Zorba wrote:The point about going to McDonald's that you're all missing is that it's a cultural experience, not just greasy food. This is difficult to understand if you normally consider a cultural experience to be the opera house, or an independent film festival, or the locally-managed fairtrade-coffee house.
I'm sorry if I somehow made you believe that I'm some sort of upper class stiff upper-lip kind of person - I was raised in a working class family with a drinking, abusive father until the age of seven, when my parents divorced, and after that one could've hoped for the better but that didnae happen... I tell you, my background has nothing to do with "fine art culture"... The only reason I study at university and have the opportunity to work and study at fancy places today is my own bloody determination to get awa' from the shitty background I was presented with when entering this world. My grandparents, sisters,my mother and uncle, as well as my Scottish Gaelic relatives are the only good things about my background...
I can see what you mean by saying that McDonalds is a "cultural" experience for the working-class family, and to some point I do agree, but saying that McDonalds is a five time's cheaper alternative to the French restaurant is using just as many stereotypes as you say I do; being rich doesn't mean you don't cook or don't work hard or only eat out, just as little as being working-class mean that you only enjoy soccer, beer and "other barbaric activites".
Zorba wrote:If you are working twelve-hour shifts in a dead-end minimum-wage or below minimum-wage job - as many people in this country do - and come home and have to provide for a family, it's expensive and time-consuming and requires knowledge to buy natural ingredients and prepare food from them. It's much easier to go to the nearby McDonald's, which provides fast, quick service at a relatively low cost. This also gives you a chance to interact with the community and it gives your kids a sense that they are seeing the world beyond the four walls of their house that they see every day, at a price five times cheaper than the French restaurant up the road.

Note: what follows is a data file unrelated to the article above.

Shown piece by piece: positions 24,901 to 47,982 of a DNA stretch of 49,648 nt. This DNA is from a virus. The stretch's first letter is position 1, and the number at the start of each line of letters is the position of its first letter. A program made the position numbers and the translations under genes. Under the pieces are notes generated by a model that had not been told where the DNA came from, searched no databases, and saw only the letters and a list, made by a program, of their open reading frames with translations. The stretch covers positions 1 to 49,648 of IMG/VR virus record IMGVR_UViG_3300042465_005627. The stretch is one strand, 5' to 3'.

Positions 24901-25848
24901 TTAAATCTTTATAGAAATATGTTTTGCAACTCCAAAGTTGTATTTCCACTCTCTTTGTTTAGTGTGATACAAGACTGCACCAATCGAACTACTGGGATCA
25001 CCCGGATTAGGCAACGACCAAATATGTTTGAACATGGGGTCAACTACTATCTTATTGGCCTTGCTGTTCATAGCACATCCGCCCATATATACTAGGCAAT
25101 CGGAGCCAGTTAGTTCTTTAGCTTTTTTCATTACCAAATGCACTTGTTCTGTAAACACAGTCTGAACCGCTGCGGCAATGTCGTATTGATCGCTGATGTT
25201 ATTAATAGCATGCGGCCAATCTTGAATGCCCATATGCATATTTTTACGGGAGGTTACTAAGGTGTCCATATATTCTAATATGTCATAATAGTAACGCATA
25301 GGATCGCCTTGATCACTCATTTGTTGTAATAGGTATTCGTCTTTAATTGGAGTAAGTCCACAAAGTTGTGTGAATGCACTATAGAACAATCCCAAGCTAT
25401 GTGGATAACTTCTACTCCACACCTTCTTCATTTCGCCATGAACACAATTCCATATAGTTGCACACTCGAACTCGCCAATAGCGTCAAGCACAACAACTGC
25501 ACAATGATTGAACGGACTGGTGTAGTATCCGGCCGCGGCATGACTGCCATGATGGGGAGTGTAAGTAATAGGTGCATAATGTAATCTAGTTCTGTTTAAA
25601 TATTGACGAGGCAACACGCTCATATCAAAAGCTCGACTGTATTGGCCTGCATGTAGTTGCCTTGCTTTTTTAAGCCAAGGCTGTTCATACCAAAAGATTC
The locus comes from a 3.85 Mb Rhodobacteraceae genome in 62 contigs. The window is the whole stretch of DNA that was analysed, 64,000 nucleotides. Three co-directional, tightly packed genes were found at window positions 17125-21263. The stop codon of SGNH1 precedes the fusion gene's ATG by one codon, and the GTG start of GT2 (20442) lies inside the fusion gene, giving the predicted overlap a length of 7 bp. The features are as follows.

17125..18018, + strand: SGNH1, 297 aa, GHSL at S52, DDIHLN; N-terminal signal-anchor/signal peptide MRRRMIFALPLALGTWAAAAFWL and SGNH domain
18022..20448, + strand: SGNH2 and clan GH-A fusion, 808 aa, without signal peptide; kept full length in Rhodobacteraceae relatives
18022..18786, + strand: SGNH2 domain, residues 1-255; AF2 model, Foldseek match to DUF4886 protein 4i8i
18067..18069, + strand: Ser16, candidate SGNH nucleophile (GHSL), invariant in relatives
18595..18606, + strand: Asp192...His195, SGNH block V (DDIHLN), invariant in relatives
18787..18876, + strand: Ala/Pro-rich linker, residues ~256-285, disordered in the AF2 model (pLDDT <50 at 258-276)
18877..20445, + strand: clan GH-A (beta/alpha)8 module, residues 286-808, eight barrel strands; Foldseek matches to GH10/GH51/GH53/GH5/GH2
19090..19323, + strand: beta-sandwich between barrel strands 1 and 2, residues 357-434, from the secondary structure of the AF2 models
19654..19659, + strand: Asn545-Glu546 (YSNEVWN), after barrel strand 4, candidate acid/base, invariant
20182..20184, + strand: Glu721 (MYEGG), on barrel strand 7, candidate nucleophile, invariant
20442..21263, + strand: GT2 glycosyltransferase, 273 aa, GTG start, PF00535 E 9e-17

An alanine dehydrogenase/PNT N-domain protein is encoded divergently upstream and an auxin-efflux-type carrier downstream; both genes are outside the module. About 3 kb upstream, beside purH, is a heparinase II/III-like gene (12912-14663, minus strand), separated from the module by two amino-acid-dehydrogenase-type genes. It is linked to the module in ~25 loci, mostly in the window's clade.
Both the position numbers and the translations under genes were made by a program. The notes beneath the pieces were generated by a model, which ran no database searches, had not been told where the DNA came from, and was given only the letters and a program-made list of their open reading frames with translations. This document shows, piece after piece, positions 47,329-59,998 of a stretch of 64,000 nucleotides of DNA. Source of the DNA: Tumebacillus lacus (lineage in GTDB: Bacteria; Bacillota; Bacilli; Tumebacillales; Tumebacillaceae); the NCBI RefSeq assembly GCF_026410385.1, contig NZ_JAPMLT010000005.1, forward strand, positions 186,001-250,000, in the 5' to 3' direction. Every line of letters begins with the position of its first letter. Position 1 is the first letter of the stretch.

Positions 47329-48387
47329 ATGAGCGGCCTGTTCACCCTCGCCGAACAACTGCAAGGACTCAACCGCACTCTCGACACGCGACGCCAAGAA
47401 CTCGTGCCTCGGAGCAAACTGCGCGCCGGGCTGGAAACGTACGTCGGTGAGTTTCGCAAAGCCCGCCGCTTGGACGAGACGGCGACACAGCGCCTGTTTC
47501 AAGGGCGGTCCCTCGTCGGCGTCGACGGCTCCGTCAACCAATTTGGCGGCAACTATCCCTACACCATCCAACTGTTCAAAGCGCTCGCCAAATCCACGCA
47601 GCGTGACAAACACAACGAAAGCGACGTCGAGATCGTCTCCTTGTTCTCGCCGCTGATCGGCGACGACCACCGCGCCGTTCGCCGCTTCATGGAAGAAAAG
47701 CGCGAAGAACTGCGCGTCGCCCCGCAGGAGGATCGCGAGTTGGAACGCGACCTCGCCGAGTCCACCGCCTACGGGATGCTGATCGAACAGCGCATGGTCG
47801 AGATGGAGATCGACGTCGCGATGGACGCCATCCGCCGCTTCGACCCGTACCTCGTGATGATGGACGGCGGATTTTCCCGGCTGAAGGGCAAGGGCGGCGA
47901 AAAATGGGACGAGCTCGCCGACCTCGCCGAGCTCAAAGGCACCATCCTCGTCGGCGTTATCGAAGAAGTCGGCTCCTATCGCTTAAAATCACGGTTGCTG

In a working-class family it's more often cheaper to cook your own damn food, even if you have three jobs and seventy thousand chores to do - eating out will always be expensive, no matter what palce you consider a restaurant, for someone with little money - believe me, my mother would re-use and make food of stuffs you wouldn't imagine one could turn into food before taking us to McDonalds or Burger King as they - to my family - was expensive restaurants as well...
Zorba wrote:Eoghan purports to understand the psychology of "Mr Average Joe". He presumes that the psychology is a very simple one and mocks it. He presumes that everyone who does not think like him thinks the same way.
I beg you pardon, but somehow you must have misunderstood me - and I think I know why - by using the term Average Joe, I was really referring to everyone on this fricking planet, because human beings are nothing but ego-centrical creatures and will inevitably do what's best for them before doing what's best for the world. This applies to everyone from the corporate manager to the homeless guy in the street, although he in my opinion has a bigger right to be egoistic than eg. Wall Street guys...
Zorba wrote:To try and suppose that we know all the right answers, and those who differ from us have a simple, "greedy" psychology is egoism. If we are really interested in doing good in the world, we have to start at the level of the individual experiences and expectations of individuals, not the authoritarian top-down "I know what is best for you because you can't think for yourself."
I agree with you to 100 % per cent.
And, ehem, no, I don't believe I have the answers on how we could best serve this planet, even if it looks like you're trying to make it sound as if this is indeed the case, meaning that I'm nothing but a spoiled, knows-it-all that I really should just shut it.